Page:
Unsailed and Shoreless

I like to get closer than this. Some photographers love wide open shots (and who can blame them?). That feeling of far-off observer is a beautiful thing. But I want to get closer.

In places like this, however, it’s not always possible. Closer means drawing attention. If I were in a white pickup truck, that might not be an issue. But I’m in a car with out-of-state plates. I’m clearly an outsider, and that needs to be taken into account when driving the backstreets of rural Montana (or anywhere) towns.

Just because a place is public, doesn’t mean that you’re welcome. It doesn’t automatically mean you’re unwelcome, of course. Usually nobody cares at all. But once you turn off the main street, you’ll see heads poke out from curtains and residents step out onto porches. It’s just curiosity. Everybody generally knows everybody else. When they see an unknown car (of all things), they figure that I’m visiting someone they know.

But when I stop, pull out a camera and start shooting houses and businesses owned by their friends, their curiosity turns to defense. These places are guarded – sometimes for good reason, often because that’s just how small towns are. I do my best to empathize, tread lightly, and keep stepping.

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‘Unsailed and Shoreless’

Camera: Argus C3 (1957)
Film: Tasma Mikrat 300 (x-1975); 6iso
Process: HC-110; 1+100; 60min

Fort Shaw, Montana

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4 thoughts on “Unsailed and Shoreless

  1. Sounds like any other place in the US … you’ll never know what guns are stored behind the curtain.

    You’re a modern type of adventurer … and you should always be aware of trouble.

    Nevertheless your images collected this way are gorgeous 😉

  2. I’ve been exploring a lot of old rural churches (I’m in Sussex, England) in recent times, and 9 out of 10 the doors are unlocked, often with some kind of “all visitors welcome” message.

    Mostly they remain empty but for me during my time exploring and photographing. But sometimes someone else will walk in, and some of those times they’ll find a pew and kneel to pray.

    Obviously there’s no threat of the kind you might stumble across in a backwoods US town, but I do feel a little bit of an intruder/imposter.

    By the way I like your format (based on your last three posts) of sharing one photo then a few hundred words.

    On my blog I tend to write long posts with 1000-2000 words sometimes and many photographs.

    I think I’ll try a few smaller posts, with fewer images, and post more frequently.

    1. That honestly sounds like heaven. The vacant buildings here are almost always either dangerous or technically off limits. I was greeted by a porcupine last year (it scared the hell out of us both!). Here, however, people are automatically suspicious of you. Always. Even if you’re on a public road, they’ll stop you and ask why you’re here. “Do you know anybody around here?”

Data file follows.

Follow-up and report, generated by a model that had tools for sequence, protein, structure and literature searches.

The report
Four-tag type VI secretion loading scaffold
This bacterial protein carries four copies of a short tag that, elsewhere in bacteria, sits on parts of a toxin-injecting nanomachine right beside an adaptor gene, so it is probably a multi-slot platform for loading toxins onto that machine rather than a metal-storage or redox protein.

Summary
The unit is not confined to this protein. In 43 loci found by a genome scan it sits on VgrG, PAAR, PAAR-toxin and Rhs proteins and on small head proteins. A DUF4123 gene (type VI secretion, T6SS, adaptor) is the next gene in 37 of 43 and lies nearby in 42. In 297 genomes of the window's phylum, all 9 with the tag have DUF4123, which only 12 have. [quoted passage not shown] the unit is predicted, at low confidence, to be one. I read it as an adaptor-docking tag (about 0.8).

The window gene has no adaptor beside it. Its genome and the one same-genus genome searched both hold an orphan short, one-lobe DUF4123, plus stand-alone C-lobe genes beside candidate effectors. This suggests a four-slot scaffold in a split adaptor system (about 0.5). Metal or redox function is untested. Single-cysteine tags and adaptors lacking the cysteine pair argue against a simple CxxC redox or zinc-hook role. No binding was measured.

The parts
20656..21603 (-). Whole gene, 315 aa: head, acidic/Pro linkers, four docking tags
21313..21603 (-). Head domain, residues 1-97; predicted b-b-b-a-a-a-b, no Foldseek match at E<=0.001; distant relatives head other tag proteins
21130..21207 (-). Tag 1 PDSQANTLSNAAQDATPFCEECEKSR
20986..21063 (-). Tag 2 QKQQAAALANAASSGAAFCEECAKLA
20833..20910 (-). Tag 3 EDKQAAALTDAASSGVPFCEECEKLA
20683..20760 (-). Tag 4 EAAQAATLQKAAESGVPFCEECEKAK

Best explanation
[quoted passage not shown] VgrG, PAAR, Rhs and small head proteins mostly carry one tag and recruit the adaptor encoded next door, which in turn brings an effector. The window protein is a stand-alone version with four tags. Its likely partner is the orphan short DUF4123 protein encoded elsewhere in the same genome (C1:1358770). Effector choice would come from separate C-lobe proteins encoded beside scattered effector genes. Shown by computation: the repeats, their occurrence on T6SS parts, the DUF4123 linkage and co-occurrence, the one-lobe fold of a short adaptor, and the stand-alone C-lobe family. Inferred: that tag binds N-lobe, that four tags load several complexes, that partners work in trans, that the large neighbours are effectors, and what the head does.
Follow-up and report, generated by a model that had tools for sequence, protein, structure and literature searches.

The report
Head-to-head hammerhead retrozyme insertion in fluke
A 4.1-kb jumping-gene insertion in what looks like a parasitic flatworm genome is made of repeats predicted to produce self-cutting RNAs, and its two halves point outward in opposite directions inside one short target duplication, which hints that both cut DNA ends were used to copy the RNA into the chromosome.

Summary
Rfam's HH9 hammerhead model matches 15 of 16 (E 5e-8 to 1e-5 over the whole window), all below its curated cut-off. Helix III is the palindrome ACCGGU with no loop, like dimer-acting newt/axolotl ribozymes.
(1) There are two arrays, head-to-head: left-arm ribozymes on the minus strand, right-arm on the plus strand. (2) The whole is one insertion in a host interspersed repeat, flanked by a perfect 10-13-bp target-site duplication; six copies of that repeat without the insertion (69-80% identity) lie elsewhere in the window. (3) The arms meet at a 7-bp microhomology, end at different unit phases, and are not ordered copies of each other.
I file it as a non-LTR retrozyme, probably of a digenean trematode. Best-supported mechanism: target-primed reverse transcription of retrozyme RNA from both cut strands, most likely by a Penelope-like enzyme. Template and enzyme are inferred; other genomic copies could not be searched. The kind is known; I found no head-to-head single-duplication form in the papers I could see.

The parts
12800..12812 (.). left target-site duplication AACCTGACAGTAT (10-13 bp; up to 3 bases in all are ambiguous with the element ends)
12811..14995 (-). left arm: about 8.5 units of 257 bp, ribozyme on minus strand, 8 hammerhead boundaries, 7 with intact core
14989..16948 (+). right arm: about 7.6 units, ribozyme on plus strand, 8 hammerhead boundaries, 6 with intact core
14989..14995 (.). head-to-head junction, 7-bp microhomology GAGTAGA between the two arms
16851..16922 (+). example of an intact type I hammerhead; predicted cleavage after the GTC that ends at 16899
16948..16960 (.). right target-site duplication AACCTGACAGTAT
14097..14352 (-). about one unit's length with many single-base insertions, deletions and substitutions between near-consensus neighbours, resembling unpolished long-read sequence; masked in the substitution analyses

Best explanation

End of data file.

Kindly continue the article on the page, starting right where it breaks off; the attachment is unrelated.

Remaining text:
It’s that weird combination of paranoia and curiosity. Generally my encounters end very well, but I’m obviously not some hooligan and, to be frank, I’m white.

      My format changes here and there. Sometimes I’ll post just a photo. Other times, i’ll post a photo with some history. Sometimes it’s camera talk. Sometimes it’s random. But It’s almost always a single photo. This is probably because I also post on Instagram. It’s my least favorite of the photo platforms, but that’s where people are, so I guess I’m there too. Also Flickr. But both IG and F are mirrors for the blog. It’s all so redundant, and I wish I could just settle on one.

      1. I love pictures of abandoned and derelict buildings, but aren’t brave enough to climb fences or risk guard dogs etc to explore. Places here tend to be made secure pretty quickly. I love what people like @liz.bd on Instagram find and share – https://www.instagram.com/liz.bd/

        Fortunately the churches here need no such daring, you can generally just walk in.

        I think I realised a while back that the reason I take so many photographs in churchyards and churches is because they are such quiet and contemplative places. Away from the chaos of the day to day. There’s nowhere else I know that has such tranquillity really – even in the woods there are usually birds singing or something.

        Very interesting thoughts about your blog, Flickr and Instagram. I recently wrote a post about why (and how) I use Flickr, and have one in draft about Instagram next.

        But whilst Flickr is core to a lot of my sharing and archiving, I’m struggling to completely see the point of Instagram, and more often than not can’t be bothered with it. It seems so fleeting, so superficial. And how can you really enjoy a decent photograph on a phone screen, even a large phone? But like you say, there are so many people there it seems logical to have some kind of regular presence to encourage new readers back to my blog. I hope you figure out a balance that works for you – it’s an ongoing process I think…

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